I’m Jenny, I’m 22 years old and I’m from bury, Lancashire.
My Crohn’s journey started in October 2001 when I was 11. I began to violently vomit and was rushing to the loo around 10-15 times a day. Being 11, and loving my food, my parents and I put it down to food poisoning and decided to let it run it’s course.
The sickness stopped, but two weeks later I was still rushing to the toilet and was exhausted. I hadn’t told mum I still wasn’t well, though she kept asking me. I had just started high school and the thought of being socially extradited because no one knew who I was, was enough for me to force myself to attend.
It didn’t take mum and dad long to notice that something wasn’t right i had lost almost a stone. I was already quite a thin child so this was quite noticeable and mum got me an emergency appointment with our GP.
She took one look at me and told me that I was far too poorly for her to deal with and referred me to a consultant paediatrician. He and his team were amazing and spent 5 months trying to rule out various illnesses, but self admittedly he was not a specialist in gastroenterology and referred me to Alderhey in Liverpool in the February 2002.
This is where I met my consultant, the late Dave Casson. A wonderful, energetic funny man who spoke to me as the patient and not my parents. I had a barium X-ray and colonoscopy and on the 11th march 2002 I was diagnosed with Crohns disease, and was admitted 2 days later put on Azathioprine and an 8 week NG feed.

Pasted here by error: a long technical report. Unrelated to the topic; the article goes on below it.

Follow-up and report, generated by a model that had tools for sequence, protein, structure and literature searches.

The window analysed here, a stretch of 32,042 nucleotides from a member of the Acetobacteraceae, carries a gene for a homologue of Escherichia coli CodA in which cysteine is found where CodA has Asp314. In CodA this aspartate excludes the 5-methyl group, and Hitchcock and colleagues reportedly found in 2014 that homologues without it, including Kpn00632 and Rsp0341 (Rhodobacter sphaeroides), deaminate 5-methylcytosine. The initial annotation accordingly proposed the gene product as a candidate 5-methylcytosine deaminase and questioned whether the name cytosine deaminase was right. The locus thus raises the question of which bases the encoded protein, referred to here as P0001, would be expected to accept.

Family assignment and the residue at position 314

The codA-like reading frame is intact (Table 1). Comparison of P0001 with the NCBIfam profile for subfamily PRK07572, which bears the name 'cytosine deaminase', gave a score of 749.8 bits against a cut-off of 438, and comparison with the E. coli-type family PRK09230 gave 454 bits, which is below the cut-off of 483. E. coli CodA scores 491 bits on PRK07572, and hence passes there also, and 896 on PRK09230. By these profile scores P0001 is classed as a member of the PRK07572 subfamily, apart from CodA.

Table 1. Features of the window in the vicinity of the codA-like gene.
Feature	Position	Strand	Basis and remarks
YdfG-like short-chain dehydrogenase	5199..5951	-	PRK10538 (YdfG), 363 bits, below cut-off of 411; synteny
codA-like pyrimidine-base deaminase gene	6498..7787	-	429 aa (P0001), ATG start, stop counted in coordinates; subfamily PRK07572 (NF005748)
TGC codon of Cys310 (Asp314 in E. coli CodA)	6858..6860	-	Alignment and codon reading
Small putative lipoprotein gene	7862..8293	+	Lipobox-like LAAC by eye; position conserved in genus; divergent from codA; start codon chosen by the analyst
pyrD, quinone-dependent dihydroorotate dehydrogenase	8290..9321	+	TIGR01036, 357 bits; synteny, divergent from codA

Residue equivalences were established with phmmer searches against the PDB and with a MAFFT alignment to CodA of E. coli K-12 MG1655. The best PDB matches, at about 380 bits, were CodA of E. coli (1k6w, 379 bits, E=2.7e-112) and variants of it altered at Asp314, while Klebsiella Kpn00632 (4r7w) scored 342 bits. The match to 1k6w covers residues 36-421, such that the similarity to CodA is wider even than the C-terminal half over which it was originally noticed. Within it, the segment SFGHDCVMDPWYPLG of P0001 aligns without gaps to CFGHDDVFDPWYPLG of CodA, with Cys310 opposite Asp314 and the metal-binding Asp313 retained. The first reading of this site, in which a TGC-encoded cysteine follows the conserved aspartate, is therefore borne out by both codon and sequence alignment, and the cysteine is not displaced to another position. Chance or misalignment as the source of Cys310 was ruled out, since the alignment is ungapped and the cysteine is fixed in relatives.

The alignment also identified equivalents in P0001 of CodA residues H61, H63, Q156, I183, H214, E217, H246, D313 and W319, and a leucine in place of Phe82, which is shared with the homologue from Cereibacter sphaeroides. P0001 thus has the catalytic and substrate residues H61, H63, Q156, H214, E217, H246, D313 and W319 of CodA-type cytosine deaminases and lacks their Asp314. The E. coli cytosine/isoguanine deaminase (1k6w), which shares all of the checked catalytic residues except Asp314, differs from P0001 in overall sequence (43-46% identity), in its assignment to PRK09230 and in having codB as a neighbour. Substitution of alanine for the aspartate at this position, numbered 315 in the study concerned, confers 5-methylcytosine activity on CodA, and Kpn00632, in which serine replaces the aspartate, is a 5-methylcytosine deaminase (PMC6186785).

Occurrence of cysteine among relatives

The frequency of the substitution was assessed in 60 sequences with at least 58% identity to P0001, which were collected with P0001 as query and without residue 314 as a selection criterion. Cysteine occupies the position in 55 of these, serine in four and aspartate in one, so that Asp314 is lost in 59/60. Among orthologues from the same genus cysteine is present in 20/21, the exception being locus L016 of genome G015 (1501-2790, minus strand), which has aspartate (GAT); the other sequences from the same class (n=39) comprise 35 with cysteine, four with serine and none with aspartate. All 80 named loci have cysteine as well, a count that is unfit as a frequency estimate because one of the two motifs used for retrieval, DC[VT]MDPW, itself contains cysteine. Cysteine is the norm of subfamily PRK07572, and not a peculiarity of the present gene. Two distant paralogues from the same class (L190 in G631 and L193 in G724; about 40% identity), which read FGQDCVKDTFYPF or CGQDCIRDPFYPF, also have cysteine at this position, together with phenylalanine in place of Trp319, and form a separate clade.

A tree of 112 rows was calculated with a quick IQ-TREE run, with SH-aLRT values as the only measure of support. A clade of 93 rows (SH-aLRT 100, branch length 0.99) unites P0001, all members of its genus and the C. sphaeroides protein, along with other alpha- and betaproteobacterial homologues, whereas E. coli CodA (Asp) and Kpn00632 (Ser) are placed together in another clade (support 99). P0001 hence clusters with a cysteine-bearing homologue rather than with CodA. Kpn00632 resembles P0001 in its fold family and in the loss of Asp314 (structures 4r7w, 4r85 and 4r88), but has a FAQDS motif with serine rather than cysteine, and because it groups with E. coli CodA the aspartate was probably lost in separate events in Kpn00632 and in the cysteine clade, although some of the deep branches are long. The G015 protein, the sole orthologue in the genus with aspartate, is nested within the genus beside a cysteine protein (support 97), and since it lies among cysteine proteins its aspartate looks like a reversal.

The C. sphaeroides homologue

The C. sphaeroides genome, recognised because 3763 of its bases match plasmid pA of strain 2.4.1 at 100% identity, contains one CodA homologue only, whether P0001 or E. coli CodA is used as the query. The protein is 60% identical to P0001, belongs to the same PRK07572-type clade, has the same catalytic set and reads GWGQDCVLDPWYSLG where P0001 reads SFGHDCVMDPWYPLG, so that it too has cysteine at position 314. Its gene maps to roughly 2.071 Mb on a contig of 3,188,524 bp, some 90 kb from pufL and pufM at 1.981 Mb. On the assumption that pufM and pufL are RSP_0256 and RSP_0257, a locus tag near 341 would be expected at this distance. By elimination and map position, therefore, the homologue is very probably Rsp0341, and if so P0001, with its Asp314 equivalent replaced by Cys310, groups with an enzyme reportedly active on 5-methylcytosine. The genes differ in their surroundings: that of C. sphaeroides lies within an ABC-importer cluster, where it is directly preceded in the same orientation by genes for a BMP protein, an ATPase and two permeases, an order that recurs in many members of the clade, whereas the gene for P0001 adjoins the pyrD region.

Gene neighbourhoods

It certainly wasn’t an easy time, the feed was heavy on my stomach and I was frequently sick (not nice when the tube is taped to your face), I started to get the abdominal pain that would have me curled up in a ball unable to breathe, after 3 weeks in hospital I had learnt to remove the tube and put it back in correctly (there was NO way I was going to school with it in). Being unable to eat for so long was horrible and I told my consultant I would never ever do the feed again (little did I know).
Once the 8 weeks were up I began to slowly reintroduce food groups per the next 3-4 weeks. I was still not well and now also had the joy of pain and sickness to add to the endless diahorrea.
I spent the next two years trying every treatment that was available to me (biologics were available but not FDA approved for paediatrics) I tried steroids and pentasa which didn’t touch it. I had a period of 14 months where I got a reprieve finally! I was diagnosed with helicobacter pylori and the treatment included metronidazole, which amazingly treated my crohns.
I gained weight and lived a pretty much normal crohns free life. Unfortunately all good things come to an end and the antibiotic stopped working. We tried swapping to ciprofloxacin to no avail. This was Christmas 2003. 2004 was not my year. I was admitted 3 times, I lost more weight than I had gained and hit a new unhealthy low of 4 and a half stone (I’m only 5ft 1 but I was still very thin). I was weak, tired constantly and very depressed. Mum and dad would try and get me to interact but I didn’t see the point of getting out of bed. The pain would have me crying in a ball and on several occasions caused me to faint.
I was now on the toilet 30-35 times a day and sitting on the toilet with a bucket on my lap throwing up. I was very low depressed and miserable.